Convicted submarine killer escapes from prison with bomb threat
Convicted submarine killer admits to journalist murder
Danish submariner who killed journalist won’t appeal murder conviction
Danish inventor sentenced to life in prison for killing journalist
A Danish court on Tuesday tacked on 21 months to murderous inventor Peter Madsen’s life sentence for his ill-fated prison escape last year.
Madsen, 50, was sentenced for his brief Oct. 20 escape from Denmark’s Herstedvester prison outside Copenhagen, where he was serving a life sentence for the 2017 slaying of journalist Kim Wall after inviting her aboard his 60-foot UC3 Nautilus for an interview, tabloid Ekstra Bladet reported.
Madsen told the Glostrup City Court he busted out of the lockup after starting to plan his escape in March 2019 due to poor conditions for inmates serving life sentences.
Authorities said Madsen — who has admitted to dismembering Wall, 30, but denied murdering her – was armed with a fake pistol and explosives during his escape that lasted just five minutes.
He threatened a prison psychologist and an officer with an imitation pistol made out of plaster material, the newspaper reported Tuesday.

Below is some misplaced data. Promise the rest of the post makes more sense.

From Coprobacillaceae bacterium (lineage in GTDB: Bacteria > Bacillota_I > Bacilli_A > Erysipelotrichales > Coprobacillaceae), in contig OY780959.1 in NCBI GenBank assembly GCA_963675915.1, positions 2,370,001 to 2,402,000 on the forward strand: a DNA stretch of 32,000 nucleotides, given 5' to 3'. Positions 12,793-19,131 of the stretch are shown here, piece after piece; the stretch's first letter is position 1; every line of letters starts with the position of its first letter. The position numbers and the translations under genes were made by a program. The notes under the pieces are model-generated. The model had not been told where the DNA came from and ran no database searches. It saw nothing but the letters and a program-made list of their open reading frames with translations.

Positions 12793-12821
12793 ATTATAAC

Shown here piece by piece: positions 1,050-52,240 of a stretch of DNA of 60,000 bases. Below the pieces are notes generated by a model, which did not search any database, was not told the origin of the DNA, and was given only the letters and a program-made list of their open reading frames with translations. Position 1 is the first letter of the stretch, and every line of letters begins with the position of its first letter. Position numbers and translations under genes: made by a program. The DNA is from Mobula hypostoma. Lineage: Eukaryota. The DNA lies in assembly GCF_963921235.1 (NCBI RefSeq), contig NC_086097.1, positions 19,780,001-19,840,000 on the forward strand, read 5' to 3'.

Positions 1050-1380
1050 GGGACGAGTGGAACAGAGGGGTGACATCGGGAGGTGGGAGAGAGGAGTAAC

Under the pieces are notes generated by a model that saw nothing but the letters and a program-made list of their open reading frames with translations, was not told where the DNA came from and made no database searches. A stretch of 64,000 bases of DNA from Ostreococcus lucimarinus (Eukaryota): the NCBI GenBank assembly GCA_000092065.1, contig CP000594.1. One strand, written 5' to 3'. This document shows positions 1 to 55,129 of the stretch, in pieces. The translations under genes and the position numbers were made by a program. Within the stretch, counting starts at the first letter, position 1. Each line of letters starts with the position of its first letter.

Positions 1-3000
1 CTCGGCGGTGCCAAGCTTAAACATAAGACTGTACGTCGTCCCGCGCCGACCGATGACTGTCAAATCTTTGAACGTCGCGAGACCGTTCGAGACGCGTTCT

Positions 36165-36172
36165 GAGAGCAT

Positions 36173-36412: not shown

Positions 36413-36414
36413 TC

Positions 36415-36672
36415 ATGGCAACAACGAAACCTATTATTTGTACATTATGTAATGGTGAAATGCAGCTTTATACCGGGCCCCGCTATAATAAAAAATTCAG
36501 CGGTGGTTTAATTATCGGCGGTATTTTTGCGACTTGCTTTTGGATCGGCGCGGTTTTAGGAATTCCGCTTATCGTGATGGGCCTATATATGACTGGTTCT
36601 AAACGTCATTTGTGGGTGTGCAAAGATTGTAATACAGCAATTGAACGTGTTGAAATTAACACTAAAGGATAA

Madsen also had a “bogus” explosives belt on him at the time, consisting of brushes, wires and other materials fashioned to look like the real thing, according to the report.
In addition to the 21-month sentence, Madsen was also ordered to pay restitution to the prison psychologist whom he threatened to kill during his escape attempt., which ended less than a half-mile away from the prison.
Madsen had claimed Wall died from taking in toxic fumes on his custom-built sub, but prosecutors insisted he tortured the journalist due to violent sexual fantasies after luring her aboard the watercraft.
Prosecutors said the self-taught engineer who later lost his appeal in Wall’s murder had fantasies of spitting on women, Ekstra Bladet reported. Evidence at trial reportedly showed Wall’s body had also been impaled.
The journalist’s dismembered torso was discovered days later in waters off Copenhagen, while other body parts stuffed in weighted bags were recovered in ensuing months.
Madsen has since been transferred to a higher-security prison in Falster, Ekstra Bladet reported.
Life sentences in Denmark typically equate to 16 years in prison, but inmates can be kept longer if they’re deemed to be a threat to society.
With Post wires
Share this article:
Source: Read Full Article